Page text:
Finding Time To Be Bored

It is difficult to find time to be bored. We now can fill our lives with so much stuff. One of the biggest culprits is our electronic devices. When I was young, I remember standing in a long line for an event with nothing to do – except talk with someone or stare at the ground. Now we are all on our phones, keeping ourselves busy.

Sadly, we have lost the art of doing nothing. In fact, we resist boredom like a child resists a nap; we don’t like the feelings boredom brings.

Let’s Talk

I’m a Type “A” personality. I thrive on keeping busy. However, if a person can’t slow down, the result is always the same – burnout! 

Bill Dalke from Soul Shepherding writes, “We just can’t sustain a lifestyle of constant activity and stimulation. We need to get into regular rhythms that allow space for quiet moments alone to unplug, be still, and breathe with Jesus. It’s in this place that we discover boredom’s blessing to us: rest!”

So why do we resist boredom? Here are some reasons:

1. Boredom is uncomfortable.

We don’t like how boredom makes us feel. All our repressed emotions rise to the surface when we’ve removed all other distractions. We feel empty, insignificant, lonely, anxious, depressed, jealous, angry, resentful, etc.

2. Boredom feels unproductive.

When we’re bored, we often feel like we aren’t accomplishing anything. As a result, we may begin to judge ourselves as lazy, weak, inadequate, or a failure. (Or we may fear being judged this way by others.)

3. Boredom shows us our true self.

When we’re bored we come face-to-face with our inner selves. Stripped of all our achievements and ego, we may discover how much we dislike ourselves. This can be very painful.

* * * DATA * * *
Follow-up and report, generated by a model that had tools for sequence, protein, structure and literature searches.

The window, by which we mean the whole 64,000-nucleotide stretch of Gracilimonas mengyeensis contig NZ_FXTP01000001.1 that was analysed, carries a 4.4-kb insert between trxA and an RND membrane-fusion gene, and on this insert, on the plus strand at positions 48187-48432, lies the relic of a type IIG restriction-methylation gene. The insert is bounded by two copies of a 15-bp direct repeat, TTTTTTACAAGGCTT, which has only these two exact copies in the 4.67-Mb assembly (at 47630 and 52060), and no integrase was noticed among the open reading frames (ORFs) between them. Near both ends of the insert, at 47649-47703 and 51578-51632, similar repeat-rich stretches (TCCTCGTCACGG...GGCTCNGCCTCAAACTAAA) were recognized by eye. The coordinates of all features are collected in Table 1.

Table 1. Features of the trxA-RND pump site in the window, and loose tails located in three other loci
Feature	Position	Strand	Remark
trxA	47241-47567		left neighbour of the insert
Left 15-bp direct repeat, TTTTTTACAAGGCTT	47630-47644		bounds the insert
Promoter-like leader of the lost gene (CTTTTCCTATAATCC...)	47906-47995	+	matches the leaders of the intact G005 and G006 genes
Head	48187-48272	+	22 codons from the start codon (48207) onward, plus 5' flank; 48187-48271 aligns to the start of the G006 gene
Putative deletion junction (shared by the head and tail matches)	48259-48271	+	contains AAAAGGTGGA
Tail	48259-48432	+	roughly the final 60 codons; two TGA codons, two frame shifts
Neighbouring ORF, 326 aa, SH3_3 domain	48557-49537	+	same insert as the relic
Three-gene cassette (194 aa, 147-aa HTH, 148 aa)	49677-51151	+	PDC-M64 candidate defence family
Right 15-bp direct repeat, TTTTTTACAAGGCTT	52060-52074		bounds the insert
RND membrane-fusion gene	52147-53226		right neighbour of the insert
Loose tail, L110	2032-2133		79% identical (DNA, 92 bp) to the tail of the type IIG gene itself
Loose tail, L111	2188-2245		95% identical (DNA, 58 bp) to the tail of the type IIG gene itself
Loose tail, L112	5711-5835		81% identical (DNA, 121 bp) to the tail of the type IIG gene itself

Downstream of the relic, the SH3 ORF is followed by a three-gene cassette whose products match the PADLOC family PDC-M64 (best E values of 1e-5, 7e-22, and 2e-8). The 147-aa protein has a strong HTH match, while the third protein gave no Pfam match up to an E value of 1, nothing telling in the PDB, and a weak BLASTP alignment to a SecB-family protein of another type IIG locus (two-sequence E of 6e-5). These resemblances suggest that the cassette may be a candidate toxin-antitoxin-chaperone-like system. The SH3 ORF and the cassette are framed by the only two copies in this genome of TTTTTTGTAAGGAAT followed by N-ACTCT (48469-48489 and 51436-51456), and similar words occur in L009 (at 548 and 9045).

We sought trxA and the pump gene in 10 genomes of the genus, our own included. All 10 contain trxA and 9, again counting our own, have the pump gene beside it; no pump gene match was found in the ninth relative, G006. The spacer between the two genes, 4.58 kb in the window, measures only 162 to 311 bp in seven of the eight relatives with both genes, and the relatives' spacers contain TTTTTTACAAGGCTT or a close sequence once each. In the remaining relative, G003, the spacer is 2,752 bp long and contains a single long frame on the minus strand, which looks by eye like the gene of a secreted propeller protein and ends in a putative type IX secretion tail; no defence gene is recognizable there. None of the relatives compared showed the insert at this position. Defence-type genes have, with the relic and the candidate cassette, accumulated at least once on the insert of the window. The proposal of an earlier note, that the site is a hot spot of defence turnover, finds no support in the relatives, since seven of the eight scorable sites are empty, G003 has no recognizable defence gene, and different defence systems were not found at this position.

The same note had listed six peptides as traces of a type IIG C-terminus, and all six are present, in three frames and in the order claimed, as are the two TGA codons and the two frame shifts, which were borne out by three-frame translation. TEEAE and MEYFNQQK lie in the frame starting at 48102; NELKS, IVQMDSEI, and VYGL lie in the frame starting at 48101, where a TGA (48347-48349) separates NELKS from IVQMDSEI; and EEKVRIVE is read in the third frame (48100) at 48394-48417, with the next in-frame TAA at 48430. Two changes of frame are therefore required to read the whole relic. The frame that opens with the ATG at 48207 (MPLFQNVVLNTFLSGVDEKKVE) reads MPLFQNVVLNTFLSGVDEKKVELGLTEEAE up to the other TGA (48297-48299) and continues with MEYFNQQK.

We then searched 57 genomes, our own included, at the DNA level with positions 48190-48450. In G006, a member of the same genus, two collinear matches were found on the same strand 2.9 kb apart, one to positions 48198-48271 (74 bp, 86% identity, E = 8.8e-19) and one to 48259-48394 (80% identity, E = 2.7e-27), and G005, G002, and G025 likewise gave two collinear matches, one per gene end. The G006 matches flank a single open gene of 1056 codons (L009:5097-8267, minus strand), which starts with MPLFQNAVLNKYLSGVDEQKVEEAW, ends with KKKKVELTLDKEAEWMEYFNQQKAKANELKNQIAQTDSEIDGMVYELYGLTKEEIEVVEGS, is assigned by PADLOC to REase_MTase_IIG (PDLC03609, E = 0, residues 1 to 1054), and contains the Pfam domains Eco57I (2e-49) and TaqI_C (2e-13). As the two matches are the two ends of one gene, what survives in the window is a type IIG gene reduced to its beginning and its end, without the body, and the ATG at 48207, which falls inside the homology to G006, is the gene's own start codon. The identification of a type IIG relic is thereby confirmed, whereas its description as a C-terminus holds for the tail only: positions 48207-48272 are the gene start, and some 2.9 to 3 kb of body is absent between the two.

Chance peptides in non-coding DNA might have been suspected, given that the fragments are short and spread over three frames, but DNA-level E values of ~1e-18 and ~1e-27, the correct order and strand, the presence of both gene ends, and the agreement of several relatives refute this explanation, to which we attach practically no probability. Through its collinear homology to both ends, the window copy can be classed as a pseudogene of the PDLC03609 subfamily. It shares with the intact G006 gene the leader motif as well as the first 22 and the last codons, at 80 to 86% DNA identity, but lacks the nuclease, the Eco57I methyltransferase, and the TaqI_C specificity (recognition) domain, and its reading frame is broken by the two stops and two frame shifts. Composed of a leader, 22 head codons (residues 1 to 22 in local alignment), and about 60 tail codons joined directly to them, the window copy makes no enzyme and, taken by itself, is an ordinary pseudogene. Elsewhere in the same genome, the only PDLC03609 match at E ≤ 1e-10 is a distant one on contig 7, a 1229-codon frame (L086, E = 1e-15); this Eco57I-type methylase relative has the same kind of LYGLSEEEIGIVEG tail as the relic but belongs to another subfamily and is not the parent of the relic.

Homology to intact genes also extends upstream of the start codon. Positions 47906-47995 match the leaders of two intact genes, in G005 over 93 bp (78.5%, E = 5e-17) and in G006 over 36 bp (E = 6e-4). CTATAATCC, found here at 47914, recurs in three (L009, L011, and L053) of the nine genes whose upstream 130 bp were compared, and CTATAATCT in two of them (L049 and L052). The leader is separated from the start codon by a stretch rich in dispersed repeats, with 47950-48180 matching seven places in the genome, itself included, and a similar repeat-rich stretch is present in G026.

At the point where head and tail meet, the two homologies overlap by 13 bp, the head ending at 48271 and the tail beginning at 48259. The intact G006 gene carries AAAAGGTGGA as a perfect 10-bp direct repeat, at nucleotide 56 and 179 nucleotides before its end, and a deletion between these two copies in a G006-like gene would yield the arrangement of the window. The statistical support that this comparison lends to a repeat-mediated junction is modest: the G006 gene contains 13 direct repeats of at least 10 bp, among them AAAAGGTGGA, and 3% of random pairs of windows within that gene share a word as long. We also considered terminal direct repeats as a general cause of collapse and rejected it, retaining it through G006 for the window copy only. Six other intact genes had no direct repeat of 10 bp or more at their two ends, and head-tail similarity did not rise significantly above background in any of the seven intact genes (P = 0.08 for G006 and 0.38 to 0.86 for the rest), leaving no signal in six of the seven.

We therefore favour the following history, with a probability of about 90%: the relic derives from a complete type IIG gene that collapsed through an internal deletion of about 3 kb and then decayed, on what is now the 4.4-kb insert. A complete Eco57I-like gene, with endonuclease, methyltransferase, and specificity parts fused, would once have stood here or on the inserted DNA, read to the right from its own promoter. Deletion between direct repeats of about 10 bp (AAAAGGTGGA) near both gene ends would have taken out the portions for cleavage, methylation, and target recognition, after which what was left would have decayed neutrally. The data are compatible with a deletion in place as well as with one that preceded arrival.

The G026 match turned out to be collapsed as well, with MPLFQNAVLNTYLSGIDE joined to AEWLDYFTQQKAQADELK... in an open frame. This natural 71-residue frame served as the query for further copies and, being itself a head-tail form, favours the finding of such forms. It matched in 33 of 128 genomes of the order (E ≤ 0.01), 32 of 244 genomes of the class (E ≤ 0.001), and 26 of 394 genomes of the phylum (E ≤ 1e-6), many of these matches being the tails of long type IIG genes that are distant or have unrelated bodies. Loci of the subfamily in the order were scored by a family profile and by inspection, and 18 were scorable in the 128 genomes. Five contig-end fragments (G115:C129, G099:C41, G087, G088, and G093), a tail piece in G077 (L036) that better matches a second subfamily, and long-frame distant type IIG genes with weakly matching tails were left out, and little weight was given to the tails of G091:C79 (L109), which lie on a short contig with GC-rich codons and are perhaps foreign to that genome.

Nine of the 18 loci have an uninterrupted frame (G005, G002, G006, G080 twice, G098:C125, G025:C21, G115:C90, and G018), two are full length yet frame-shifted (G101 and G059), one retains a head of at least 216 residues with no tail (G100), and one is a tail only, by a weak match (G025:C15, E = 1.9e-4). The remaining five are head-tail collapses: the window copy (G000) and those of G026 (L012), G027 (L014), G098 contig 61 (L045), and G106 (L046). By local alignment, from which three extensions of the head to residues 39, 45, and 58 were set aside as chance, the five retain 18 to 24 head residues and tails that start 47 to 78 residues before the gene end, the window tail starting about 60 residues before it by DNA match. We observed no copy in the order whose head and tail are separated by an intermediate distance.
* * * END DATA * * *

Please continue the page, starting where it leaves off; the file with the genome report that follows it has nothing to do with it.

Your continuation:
Here’s the good news: If we lean into the discomfort of boredom, we may discover the other side of boredom: real rest and real fruit. With regular practice, this will break the power of busyness, hurry, and loneliness. And best of all…

  • We’ll be relieved to discover that the world is not on our shoulders after all!
  • We will find ourselves and we will be found by God in fresh ways.
  • Joy and peace will bubble up within us and flow out of us.
  • We will experience true, soul-nourishing rest.

Taken from Bill Dalke on “Boredom and Rest.”

Before You Go  

Dallas Willard said that we need extended times to “Do nothing. Don’t try to make anything happen.” The Bible calls this Sabbath. Even during this Easter Season, find times to be bored. To do nothing. To rest in what God has already done for us!

3 Comments Add yours

  1. Shannon Mayhew-HASBROOK says:

    Excellent Reality….I have been there many times…

    Liked by 1 person

  2. William Harold Vermillion says:

    Thanks Superintendent,
    I know why the author uses the word boredom, but I don’t really like it. How can we call time spent with God boring? Are we bored when mediating on scriptures, nature or simply the very character of God? I am glad you included the quote from Willard
    Dallas Willard said that we need extended times to “Do nothing. Don’t try to make anything happen.”
    He never would have called it boredom. He did call it a spiritual discipline. Part of what I am still learning to have those margins which I had mentioned previously.

    Like

    1. Good point. Boredom is an extreme term. I like the idea that we don’t have to be “doing” all the time.

      Like

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